The Brave project is making a web browser that contains many features that have only been available as browser extensions until now. These include an ad blocker, tracking script blocker, and "HTTPS Everywhere" capability. Browsers like this have come and gone (Pale Moon, many obscure WebKit front-ends like surf), but Brave may be able to gain enough traction to be influential. We'll see. The project was co-founded by Brandon Eich in 2016.
I'm not necessarily paranoid about my unencrypted data on the web, or being tracked - I don't use a VPN service but I've been thinking about getting one. But for anyone browsing the web, I can't imagine a situation where you would want to look at an ad, communicate with a tracking script, or opt to use HTTP instead of HTTPS. Brave has the right idea because these features should just be built-in to the browser.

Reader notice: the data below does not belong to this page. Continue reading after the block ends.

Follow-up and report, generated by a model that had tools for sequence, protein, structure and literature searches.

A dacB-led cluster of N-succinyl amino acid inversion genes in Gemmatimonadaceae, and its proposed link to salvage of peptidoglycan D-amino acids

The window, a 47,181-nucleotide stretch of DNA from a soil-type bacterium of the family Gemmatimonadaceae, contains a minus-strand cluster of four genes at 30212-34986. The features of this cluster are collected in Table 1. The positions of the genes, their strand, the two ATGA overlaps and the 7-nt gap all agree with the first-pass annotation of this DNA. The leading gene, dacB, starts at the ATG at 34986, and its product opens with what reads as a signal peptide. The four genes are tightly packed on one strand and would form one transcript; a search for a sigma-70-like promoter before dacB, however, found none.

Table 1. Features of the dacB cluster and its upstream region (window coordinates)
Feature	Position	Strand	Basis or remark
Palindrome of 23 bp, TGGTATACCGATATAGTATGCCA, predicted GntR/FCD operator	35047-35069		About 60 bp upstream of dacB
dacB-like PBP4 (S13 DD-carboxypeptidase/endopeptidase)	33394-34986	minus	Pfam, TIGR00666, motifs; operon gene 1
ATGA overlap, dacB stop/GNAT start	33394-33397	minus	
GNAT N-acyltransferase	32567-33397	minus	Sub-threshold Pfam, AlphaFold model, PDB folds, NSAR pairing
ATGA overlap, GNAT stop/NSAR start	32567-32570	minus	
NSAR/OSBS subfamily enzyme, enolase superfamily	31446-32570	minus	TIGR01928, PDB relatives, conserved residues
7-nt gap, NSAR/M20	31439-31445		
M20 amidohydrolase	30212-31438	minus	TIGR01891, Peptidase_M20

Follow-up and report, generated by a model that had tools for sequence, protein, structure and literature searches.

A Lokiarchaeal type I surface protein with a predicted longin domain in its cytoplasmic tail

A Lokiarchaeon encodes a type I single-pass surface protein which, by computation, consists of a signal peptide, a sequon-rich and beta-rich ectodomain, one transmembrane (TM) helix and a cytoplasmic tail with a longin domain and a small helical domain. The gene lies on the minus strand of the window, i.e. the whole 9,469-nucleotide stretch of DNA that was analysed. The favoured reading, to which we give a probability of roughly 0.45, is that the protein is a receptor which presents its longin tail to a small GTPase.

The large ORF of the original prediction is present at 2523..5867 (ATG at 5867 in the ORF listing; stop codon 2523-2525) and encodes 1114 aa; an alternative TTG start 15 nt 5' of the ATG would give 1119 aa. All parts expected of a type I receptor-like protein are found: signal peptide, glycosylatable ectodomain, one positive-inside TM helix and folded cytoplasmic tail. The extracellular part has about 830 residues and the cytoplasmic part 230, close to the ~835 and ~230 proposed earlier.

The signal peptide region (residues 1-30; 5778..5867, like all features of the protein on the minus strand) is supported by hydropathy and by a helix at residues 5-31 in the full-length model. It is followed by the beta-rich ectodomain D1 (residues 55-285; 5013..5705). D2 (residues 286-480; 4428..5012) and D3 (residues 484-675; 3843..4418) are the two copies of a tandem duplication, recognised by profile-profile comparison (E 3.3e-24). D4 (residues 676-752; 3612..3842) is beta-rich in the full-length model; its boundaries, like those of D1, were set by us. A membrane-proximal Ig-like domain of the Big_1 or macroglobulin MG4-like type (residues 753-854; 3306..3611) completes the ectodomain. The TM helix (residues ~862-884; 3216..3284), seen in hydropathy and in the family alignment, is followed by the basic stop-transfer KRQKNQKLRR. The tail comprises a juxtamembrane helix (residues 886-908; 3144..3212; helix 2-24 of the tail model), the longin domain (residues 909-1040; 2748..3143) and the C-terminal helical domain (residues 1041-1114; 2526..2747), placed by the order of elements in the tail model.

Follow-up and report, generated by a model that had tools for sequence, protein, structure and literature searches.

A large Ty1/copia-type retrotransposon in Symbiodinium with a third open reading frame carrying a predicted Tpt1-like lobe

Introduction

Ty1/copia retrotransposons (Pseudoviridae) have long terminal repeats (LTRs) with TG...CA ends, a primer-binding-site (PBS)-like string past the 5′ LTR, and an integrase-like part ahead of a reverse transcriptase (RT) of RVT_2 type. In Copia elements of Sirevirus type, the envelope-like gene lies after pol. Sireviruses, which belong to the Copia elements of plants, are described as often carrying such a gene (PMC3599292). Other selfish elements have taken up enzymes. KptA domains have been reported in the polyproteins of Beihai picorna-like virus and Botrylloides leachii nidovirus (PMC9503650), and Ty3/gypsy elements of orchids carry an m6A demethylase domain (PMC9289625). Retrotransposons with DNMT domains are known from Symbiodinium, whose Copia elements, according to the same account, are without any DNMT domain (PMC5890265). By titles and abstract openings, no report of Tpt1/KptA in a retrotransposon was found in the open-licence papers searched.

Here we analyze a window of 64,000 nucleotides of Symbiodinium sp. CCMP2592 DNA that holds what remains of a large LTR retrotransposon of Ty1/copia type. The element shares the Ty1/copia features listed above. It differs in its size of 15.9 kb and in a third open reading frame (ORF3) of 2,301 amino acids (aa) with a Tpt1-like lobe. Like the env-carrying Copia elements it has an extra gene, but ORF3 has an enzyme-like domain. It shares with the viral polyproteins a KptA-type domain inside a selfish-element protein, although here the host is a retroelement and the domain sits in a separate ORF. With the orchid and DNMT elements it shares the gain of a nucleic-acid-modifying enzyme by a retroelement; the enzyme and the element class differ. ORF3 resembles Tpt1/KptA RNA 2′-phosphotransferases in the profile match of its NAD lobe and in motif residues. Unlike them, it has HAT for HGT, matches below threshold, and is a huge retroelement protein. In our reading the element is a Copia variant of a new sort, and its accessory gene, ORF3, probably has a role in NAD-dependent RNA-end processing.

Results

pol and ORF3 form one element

Google Chrome has been described as a "botnet" (I've heard that Iridium is better). Firefox's not-quite-mainstream status means that it often gives in to the status quo through fear of losing relevance, like including annoying DRM software. I don't know if Brave includes DRM software, but I can already see that removing stakeholders from the equation means that Brave can do things its own way. To the Brave project, that means taking away a lot of the features/bugs that Internet users have come to perceive as "normal". New projects like this have the freedom to set the standard.
Brave uses Chromium's Blink engine for displaying web pages, and puts its own user interface on top of that. I've been using Brave as my main browser for a week now and it doesn't have any major quirks, and it's noticeably faster than Firefox. Because it uses a lot of Chromium's UI components, I can imagine doing web development with Brave, but I think I will still be using Chromium as well for a while.